FIG. 1 represents a retention element used by the assembly procedure according to the patent cited above. This element consists of a band 1 of laminated material. The laminate consists of a porous tape such as a lattice of phosphor bronze, a fiberglass cloth or mat, or other suitable materials. This tape can be toothed as represented in FIG. 1 and is impregnated with a thermosetting material such as a nonpolymerized epoxy resin.
FIGS. 2 and 3 relate to the assembly procedure of an electrical connector according to the prior art. The assembly is done as follows. First the tape 1 is wound around a stack constituting an insulating body and comprising an insert member 2, a retention wafer 3, a ring or grommet 4 and a seal 5. The insert 2 is bonded to wafer 3. The seal 5 and ring 4 can be glued to this assembly. The insulating body is provided, in the axis of seal 5, with aligned passages receiving the contact plugs. Before inserting these plugs, the laminate 1 is deformed by means of an appropriate tool. This tool comprises three coaxial sleeves: an inside sleeve 6, an intermediate sleeve 7 and an outside sleeve 8. The insulating body is first placed in inner sleeve 6, with the end of the sleeve abutting on a shoulder 9 of wafer 3. With outside sleeve 8 being retracted, as represented in solid lines in FIG. 2, the laminate 1 is wound around inside sleeve 6 so that one edge of the band will be in proximity to a shoulder 10 of the insert member 2. Outside sleeve 8 is then pushed down to cover tape 1 and assume the position represented in dotted lines in FIG. 2. A cylindrical housing or shell 11 is then threaded onto the insulating body by pushing outside sleeve 8 until an inside shoulder of the housing abuts against a shoulder 13 of insert 2. Outside sleeve 8 prevents tape 1 from twisting or folding as the housing is put in place.
Then intermediate sleeve 7 is pushed forward into the space between housing 11 and inside sleeve 6. Under the pressure exerted by intermediate sleeve 7, tape 1 deforms as it fills all the space possible as shown in FIG. 3. Since the space between housing 11 and insert 2 is practically filled by the deformed laminate, inside sleeve 6 is raised for a short distance as represented in FIG. 3, and then intermediate sleeve 7 is continued to be pushed to cause laminate 1 to flow over and around shoulder 9 on waver 3. In so doing, the laminate holds the stack in the housing from movement due to the filling of a groove 14 in housing 11. After polymerization of the resin by heat, the connector is ready to receive its contacts.
This assembly procedure, although useful, has several drawbacks. First, the tap is naturally deformable, which leads to taking certain precautions for winding and deforming it. The procedure involves three sleeves subjected to complicated relative movements. This requires a certain amount of time to implement the procedure which has repercussions on the cost price of the connector.
The invention remedies these drawbacks by the use of a more rigid retention element and a single sleeve, which is made possible by a special design of the various parts of the connector.
FIG. 4 represents an electrical connector according to the invention in the course of assembly of its various parts. There can be recognized the insulating body designated under the general reference 20 and a housing or shell 21. The housing has an inside shoulder 22 receiving the insulating body as in the connector described previously. A special feature of the housing and the insulating body is the presence of beveled surfaces, respectively 23 for the housing and 24 for the insulating body. These surfaces are represented in FIG. 4, as parallel to one another and situated at the same level. This is not obligatory and other arrangements are possible as will be seen below. A retention element 25 is provided and is made of a material that is sufficiently rigid so as not to require special precautions when it is put in place. In particular, when left to itself it does not wrinkle when it is placed in the space between the housing and the insulating body. The retention element can be metal, for example, aluminum or copper. It may be provided in the form of a band which is wound in order to be introduced into the space in question, or in the form of a collar or a slotted ring. The latter form facilitates its introduction.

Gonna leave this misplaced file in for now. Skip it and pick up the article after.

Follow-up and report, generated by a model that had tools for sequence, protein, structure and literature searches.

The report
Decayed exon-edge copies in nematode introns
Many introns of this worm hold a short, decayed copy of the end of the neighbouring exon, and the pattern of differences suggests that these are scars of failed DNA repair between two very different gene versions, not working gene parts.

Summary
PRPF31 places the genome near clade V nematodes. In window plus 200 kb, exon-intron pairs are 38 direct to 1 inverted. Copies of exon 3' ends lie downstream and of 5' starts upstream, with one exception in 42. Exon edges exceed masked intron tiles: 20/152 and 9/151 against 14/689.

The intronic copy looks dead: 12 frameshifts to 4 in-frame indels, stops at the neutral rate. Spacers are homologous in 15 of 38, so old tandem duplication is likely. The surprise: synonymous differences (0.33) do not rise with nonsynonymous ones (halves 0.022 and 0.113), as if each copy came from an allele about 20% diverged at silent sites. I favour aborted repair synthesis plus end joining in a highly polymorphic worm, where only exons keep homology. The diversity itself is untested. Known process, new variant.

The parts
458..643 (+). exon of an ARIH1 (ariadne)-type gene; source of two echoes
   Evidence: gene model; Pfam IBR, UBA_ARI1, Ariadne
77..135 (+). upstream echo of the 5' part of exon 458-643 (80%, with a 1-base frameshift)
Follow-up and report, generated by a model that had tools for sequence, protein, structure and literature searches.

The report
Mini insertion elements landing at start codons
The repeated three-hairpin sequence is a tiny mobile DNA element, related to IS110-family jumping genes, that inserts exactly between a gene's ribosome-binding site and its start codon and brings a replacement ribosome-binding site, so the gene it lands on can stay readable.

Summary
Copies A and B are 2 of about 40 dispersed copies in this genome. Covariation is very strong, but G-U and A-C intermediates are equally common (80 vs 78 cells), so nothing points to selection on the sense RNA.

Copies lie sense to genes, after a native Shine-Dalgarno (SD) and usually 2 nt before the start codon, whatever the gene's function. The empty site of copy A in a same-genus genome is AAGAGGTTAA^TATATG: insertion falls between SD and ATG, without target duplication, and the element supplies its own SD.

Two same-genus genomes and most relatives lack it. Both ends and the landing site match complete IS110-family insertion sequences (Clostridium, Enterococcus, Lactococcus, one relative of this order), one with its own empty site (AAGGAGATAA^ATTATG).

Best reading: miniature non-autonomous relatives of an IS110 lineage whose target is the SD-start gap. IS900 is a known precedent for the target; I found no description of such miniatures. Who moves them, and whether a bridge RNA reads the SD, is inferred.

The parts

It is also possible, for purposes a tightness, to combine, with the retention element a preform 26 made of a material such as resin introduced either before the retention element as indicated in FIG. 4, or after the retention element. To facilitate its introduction in the case of a housing having an inside recess 27 with a diameter larger than the opening through which the insulating body is introduced, the preform may be in the form of a slotted washer 26 as shown in FIG. 5. The slot 28 is advantageously made on the bias so that when it is squeezed, there will actually be a resin seal along the entire perimeter involved.
Retention element 25 introduced between insulating body 20 and housing 21 remains fixed at approximately the point where it is represented in FIG. 4 due to beveled surface 24. With the aid of a plunger, in the form of a hollow cylinder applying a pressure in the direction indicated by the arrow, element 25 will be put in place.